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A Phantom Validation Study of a 3D Background Phase Model for MR Thermometry

J Yung

J Yung1,2*, D Fuentes1, J Hazle1,2, R Stafford1,2, (1) The University of Texas MD Anderson Cancer Center, Houston, TX, (2) The University of Texas Graduate School of Biomedical Sciences, Houston, TX

SU-E-J-53 Sunday 3:00:00 PM - 6:00:00 PM Room: Exhibit Hall

Purpose: The proton resonance frequency (PRF) shift method is the most widely accepted method for magnetic resonance thermal imaging to provide real-time treatment monitoring of thermal therapies. However, the PRF shift technique involves the subtraction of a reference phase map, which causes the technique to be easily perturbed by tissue motion and other background contaminations. In this study, a three-dimensional background phase is estimated in order to create a phase reference for each time point.

Methods: A magnetic resonance spectroscopy (MRS) sphere was scanned within a 3T MRI scanner employing a 3D fast SPGR sequence. Real and imaginary images were acquired to obtain phase images as the control. The ability to predict the background phase was investigated by systematically removing phase information from the control data set. Data was initially removed from a spherical region of interest (ROI) to simulate a region where ablative heating would take place. In a second case, the same spherical ROI was removed as well as every other slice to further reduce the amount of existing data. A 3D finite element model was implemented to solve the Dirichlet problem given a measured phase on the boundary of the simulated available data.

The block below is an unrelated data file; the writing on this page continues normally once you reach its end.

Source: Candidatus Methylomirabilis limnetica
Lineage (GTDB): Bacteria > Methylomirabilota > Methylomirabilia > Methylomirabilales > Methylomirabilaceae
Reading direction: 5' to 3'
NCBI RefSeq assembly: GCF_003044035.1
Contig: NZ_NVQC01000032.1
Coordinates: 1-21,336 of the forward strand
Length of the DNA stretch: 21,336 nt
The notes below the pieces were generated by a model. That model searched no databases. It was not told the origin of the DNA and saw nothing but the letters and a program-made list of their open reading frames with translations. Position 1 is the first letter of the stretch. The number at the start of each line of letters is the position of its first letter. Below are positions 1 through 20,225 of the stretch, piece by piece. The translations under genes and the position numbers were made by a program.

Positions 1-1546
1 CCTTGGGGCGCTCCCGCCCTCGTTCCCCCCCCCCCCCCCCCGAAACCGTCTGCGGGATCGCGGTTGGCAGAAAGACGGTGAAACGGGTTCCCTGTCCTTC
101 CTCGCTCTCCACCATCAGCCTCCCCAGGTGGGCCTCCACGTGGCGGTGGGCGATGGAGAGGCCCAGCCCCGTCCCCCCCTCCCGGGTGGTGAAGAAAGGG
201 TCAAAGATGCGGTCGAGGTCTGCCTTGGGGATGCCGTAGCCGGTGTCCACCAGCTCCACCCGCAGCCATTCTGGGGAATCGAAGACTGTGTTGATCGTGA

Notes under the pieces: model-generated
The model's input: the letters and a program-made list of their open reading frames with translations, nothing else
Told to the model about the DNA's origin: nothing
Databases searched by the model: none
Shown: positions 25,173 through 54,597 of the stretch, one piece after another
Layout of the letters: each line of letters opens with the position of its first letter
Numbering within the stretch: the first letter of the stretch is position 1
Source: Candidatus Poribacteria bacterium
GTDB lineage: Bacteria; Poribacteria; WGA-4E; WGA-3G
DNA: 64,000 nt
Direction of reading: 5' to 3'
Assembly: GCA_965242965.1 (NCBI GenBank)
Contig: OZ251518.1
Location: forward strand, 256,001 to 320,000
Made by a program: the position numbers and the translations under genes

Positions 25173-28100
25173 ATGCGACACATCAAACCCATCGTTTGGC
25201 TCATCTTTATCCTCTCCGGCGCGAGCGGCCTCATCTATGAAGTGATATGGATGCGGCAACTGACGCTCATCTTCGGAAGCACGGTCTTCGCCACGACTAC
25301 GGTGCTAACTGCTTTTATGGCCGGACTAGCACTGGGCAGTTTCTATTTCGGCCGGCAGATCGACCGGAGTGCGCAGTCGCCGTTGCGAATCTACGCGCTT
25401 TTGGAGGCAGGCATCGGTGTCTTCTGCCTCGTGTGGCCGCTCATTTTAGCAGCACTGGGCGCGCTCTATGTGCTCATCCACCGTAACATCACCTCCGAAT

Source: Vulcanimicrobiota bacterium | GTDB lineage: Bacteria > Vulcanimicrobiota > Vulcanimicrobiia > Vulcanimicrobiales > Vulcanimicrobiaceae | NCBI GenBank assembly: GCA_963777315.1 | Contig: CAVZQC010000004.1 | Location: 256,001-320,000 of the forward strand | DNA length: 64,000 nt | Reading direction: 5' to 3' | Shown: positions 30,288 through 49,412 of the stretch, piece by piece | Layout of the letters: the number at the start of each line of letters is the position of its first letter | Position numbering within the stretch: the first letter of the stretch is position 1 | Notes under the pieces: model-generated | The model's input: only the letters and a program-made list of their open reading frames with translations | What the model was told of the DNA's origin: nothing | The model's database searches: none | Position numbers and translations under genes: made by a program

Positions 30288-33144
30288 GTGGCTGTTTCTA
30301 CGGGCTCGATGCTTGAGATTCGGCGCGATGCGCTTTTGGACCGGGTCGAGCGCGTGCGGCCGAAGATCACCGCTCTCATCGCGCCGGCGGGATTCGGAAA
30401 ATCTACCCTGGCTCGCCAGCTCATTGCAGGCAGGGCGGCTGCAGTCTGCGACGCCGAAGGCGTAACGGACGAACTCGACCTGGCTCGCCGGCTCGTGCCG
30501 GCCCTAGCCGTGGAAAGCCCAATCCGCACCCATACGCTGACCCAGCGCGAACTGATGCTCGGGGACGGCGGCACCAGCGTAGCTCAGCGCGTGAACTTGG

Results: Line profiles taken through the phantom indicate phase estimates to compare well with actual phase measurements. The phase estimation still shows good agreement when reducing the amount of data to every other slice.

Conclusions: The 3D multi-slice temperature estimate potentially provides a robust technique that is not as susceptible to through-plane or in-plane motion-induced temperature artifacts as compared to the current PRF shift method.

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